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Condoleeza Rice Is Worthy Of Criticism
(Written by Tommy Ates.  Posted June 19, 2002)

``Though I didn't see it, I heard it a few blocks away. It is a sound that I can still hear today.''

Those words uttered by National Security Advisor Condoleeza Rice about the death of her friend, one of the four little girls killed in the 1963 Birmingham church bombing, speaking at this year's Stanford University commencement, underscores the path, and, perhaps, the rhetorical glaze, that has enthralled ordinary white Americans, yet kept black (and lefty) dogs at bay.

No longer.

Like President Bush, (and without straight-message shooter White House Counselor Karen Hughes) the verbally-careful, former-Stanford provost currently on leave from the university, has made her first public gaffe, layered in a sense of right-wing, absolute certainty upon issues, only to be quickly rebuffed and to stay (most efficiently) in the shadows.

Dr. Rice's first verbal mistake was the miscalculation that she could 'dismiss' Palestinian President Yasser Arafat as a true partner for peace, saying to the Mercury News that the Palestinian people have the power to choose "the kind of leadership that can lead to the kind of state the Palestinian people need."

When asked about her comments in Palestine, Yasser Arafat promptly replied that she had no right to dictate to Palestinians how their future state should look.

And that's exactly correct. What is an American to say, even the National Security Advisor, about how a long, overdue and abused sovereign nation should conduct itself? (Dr. Rice wouldn't dare say that about Israel.)

So far, Condoleeza Rice has been viewed as an atoll of American purity, the prime example of how far African-Americans have become and (perhaps, how they should be). Unlike her fellow black, cabinet member, Secretary of State Colin Powell, Condoleeza has never taken the heat for comments that would run counter to the 'Bush message' (so fine-tuned by counselor Karen Hughes). Her recent candor to reporters about the Mideast crisis (which is Colin Powell's domain) illustrates the imbalance in the Bush cabinet between the 'hawks' (Rumsfeld) and the 'moderates' (Powell).

From her career move from provost of Stanford University to White House National Security Advisor, Condoleeza Rice has remained untouchable to criticism, even from the hard left, because she stayed silent behind the President on social issues while keeping 'on message' on security affairs. Much has been talked about her political kindred nature with President Bush on paper, but never has the public been given a glimpse of her "Bushisms" (until now).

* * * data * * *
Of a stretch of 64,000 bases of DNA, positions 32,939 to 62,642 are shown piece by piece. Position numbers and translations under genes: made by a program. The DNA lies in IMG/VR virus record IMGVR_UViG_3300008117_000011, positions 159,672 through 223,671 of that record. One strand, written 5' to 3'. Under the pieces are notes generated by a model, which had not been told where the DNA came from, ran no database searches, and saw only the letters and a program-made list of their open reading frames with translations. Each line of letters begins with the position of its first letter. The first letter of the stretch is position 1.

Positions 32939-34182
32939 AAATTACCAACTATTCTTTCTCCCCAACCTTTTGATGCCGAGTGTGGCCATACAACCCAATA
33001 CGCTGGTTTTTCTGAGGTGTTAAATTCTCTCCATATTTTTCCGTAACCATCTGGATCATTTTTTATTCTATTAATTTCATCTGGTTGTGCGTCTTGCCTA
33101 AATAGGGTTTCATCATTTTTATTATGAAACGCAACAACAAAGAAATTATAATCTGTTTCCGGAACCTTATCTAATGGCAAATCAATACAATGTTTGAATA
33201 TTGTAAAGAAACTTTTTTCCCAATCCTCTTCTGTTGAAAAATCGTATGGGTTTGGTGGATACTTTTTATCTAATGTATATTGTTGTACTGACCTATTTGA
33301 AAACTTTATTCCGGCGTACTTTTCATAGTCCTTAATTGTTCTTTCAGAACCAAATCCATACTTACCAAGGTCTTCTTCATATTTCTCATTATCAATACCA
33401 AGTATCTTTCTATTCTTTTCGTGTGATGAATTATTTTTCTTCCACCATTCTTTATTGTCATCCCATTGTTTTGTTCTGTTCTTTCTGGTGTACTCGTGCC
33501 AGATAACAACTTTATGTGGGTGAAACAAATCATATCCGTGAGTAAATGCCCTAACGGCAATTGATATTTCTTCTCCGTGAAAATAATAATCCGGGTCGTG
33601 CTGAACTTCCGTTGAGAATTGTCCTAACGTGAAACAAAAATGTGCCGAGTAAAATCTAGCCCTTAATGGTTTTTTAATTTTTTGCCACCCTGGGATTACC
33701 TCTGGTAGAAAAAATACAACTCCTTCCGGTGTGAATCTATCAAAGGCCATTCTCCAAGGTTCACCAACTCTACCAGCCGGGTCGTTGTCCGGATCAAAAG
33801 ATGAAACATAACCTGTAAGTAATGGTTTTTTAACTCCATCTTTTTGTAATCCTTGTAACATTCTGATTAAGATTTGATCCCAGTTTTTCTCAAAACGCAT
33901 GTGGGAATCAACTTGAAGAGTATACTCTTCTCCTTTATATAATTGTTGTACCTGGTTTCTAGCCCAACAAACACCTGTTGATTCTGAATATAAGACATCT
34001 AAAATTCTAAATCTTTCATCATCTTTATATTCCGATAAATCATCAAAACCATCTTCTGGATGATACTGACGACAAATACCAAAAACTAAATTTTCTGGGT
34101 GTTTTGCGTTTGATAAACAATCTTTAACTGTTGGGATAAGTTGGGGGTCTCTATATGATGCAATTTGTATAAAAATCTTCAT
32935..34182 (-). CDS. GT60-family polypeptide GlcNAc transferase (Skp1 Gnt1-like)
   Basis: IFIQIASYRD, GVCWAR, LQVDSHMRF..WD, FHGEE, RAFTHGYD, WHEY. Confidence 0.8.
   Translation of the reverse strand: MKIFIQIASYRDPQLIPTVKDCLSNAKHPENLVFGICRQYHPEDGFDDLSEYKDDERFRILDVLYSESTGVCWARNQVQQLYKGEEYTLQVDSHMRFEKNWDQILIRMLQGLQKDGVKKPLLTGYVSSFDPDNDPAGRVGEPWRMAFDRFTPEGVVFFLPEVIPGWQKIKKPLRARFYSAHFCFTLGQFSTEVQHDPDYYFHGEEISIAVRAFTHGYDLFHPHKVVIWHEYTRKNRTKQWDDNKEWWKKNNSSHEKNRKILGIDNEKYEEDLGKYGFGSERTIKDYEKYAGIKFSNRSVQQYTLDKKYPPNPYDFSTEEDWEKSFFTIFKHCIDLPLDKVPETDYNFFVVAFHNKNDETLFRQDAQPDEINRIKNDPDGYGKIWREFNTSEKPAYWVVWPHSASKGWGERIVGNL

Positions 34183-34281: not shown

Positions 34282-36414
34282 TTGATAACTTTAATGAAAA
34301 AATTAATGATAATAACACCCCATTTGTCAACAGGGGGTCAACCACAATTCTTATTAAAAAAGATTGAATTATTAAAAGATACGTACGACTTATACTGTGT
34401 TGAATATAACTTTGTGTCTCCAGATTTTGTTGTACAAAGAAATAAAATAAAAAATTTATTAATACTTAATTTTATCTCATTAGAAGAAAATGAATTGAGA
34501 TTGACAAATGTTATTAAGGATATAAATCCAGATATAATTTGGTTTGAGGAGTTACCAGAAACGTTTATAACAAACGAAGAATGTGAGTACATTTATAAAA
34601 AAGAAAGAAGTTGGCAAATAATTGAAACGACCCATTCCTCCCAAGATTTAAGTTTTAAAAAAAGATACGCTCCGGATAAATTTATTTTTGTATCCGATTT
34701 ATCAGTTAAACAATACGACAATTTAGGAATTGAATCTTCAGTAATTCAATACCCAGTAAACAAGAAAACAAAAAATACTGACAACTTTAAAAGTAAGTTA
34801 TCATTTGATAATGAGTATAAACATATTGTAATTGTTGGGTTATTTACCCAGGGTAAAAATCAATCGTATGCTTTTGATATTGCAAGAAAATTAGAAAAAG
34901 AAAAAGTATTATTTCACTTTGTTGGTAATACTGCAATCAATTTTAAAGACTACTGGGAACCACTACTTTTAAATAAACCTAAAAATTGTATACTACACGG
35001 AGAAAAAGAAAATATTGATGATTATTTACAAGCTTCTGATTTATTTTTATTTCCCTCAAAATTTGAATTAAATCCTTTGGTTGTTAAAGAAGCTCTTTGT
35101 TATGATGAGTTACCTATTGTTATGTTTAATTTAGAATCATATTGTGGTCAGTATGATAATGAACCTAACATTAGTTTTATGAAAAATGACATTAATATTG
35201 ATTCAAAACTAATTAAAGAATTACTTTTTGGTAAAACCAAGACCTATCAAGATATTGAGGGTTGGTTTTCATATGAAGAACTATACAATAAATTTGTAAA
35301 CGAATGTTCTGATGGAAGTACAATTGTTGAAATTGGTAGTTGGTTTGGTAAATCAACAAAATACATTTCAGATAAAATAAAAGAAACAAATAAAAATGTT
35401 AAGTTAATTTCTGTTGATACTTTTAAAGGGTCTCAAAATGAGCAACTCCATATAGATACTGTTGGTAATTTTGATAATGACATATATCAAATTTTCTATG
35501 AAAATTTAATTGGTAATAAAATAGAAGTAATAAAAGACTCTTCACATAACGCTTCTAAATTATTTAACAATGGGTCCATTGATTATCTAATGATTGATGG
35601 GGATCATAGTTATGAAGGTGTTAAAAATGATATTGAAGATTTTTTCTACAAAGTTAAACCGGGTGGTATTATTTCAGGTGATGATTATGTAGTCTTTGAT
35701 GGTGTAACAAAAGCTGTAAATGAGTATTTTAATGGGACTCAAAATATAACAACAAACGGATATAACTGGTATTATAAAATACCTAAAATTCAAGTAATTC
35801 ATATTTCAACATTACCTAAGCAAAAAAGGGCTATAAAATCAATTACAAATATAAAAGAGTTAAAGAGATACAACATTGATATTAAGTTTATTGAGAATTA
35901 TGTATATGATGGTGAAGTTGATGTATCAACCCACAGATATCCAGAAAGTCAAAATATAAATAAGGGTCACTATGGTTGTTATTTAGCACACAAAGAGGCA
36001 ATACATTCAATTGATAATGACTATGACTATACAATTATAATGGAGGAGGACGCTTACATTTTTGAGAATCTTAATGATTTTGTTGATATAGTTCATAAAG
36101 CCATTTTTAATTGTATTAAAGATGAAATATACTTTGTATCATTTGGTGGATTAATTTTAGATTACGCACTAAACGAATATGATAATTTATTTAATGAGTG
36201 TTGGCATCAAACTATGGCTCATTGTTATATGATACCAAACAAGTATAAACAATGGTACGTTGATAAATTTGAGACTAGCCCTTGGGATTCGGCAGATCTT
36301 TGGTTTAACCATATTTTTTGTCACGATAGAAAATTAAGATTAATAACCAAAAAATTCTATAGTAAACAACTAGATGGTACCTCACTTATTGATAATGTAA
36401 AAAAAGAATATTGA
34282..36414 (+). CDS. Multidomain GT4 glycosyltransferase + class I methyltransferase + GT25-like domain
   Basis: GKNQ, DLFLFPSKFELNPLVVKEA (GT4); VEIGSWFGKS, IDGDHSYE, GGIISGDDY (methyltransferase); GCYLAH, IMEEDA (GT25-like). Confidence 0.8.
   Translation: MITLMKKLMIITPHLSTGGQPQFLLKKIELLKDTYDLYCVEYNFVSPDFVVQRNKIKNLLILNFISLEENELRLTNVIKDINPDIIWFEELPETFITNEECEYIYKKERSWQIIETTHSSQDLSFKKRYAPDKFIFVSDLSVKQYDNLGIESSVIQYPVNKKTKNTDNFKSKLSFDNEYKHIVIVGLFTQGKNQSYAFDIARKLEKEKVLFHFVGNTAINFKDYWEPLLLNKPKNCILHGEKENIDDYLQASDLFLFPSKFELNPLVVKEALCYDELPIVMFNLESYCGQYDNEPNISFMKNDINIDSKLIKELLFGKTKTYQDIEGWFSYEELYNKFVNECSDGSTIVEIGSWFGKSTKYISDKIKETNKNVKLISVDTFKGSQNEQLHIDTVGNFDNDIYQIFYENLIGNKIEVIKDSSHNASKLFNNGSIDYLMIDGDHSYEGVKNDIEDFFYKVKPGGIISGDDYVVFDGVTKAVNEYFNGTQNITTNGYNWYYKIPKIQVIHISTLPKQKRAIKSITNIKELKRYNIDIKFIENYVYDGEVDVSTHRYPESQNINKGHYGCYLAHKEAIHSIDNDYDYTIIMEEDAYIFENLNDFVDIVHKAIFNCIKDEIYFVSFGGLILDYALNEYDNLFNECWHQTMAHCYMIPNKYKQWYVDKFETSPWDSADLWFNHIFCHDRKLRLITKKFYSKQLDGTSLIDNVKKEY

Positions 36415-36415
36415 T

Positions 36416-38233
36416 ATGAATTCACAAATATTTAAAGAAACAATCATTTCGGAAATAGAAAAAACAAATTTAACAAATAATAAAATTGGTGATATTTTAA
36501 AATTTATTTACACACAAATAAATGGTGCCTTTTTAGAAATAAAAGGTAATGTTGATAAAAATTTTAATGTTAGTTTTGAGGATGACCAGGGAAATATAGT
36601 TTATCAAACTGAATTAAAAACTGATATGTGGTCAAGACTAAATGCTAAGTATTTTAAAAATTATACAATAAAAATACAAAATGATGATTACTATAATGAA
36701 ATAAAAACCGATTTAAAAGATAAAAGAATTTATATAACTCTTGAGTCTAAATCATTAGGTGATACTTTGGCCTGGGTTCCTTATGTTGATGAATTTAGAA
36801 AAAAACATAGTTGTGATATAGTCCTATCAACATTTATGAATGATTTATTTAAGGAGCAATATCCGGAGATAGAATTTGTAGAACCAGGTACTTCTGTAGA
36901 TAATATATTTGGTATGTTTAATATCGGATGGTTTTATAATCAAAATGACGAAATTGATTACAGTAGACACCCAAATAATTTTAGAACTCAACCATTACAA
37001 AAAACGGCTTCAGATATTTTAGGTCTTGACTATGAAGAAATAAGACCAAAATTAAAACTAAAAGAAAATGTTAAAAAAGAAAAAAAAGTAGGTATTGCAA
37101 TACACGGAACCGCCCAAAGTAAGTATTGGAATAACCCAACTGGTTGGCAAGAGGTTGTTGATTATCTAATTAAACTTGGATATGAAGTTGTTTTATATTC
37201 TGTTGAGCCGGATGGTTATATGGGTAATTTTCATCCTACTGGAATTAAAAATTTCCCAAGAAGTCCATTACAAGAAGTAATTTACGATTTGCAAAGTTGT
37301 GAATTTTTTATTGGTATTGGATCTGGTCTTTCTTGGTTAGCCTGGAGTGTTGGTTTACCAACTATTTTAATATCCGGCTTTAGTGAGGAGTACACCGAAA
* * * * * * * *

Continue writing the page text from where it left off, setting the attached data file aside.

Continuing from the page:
From her muted commentary on affirmative action to the lowering of EPA emission standards, Ms. Rice has deliberately calibrated her presentation to the public, having the ability to fit in anywhere she goes, using her 'ah shucks' past as a shield while wielding classic, conservative politics.

Now don't get me wrong, a woman who is a class act in her professional and civic life she is; a precursor to the next race of blacks, she isn't. That would be an insult of her (and fellow African-Americans), what people don't seem to understand is - Dr. Rice is her own woman.

White conservative men don't know what to think of her (buddy or bedmate), and staunch Democratic blacks can only seem to give her "pleasantries," not criticism of her role in the Bush administration's domestic agenda, which has hurt the poor and minorities via her approval for new standards for security protocols, and the American people as a whole, in asking networks not air al Qaeda footage, which would give the American press a slim cover of impartiality while Arab-Americans were targeted and detained by Attorney General John Ashcroft.

In addition, no one should forget Dr. Rice's inaction with Rumsfeld-Powell power struggle in the Mideast, with Condi standing by the President, while the arrows of the more numerous war hawks hit Secretary of the State Powell with White House retractions for administration intentions (with the Palestinian Authority and media leaks) and doubting Powell's ability to negotiate 'effectively' with Arafat.

And in power plays, sometimes the most telling decision for a party is no decision at all.

Unfortunately, Powell may be on his own in this losing battle. Make no mistake about it, for all her pleasantries and her schooled prose, Rice is not a moderate, but a 'hawk' in a blue dress.

If you haven't read The New York Times or The Washington Post, White House Chief of Staff Andrew Card does have a lot to fear with Karen Hughes' departure.

With only the 'hawks' around the President, the chickens will have come to roost, eating at the remainder of our civil liberties, and, oh, did I forget war with Saddam (who had nothing to do with 9/11)?

Sorry, Condi. Though I like your success story, you're not worth the paying of that price.

Hmm, I wonder who sang, "Who Let the Dogs Out?"

About the author: Tommy Ates loves the left because the left is always right! Tommy Ates is a featured columnist of Left Is Right ( appearing in several publications, such as The Houston Chronicle, Fort Lauderdale Sun-Sentinel, The Wichita Eagle, The Macon Telegraph, and Global Black News, among others. His e-mail address is

Copyright 2002  All rights reserved.

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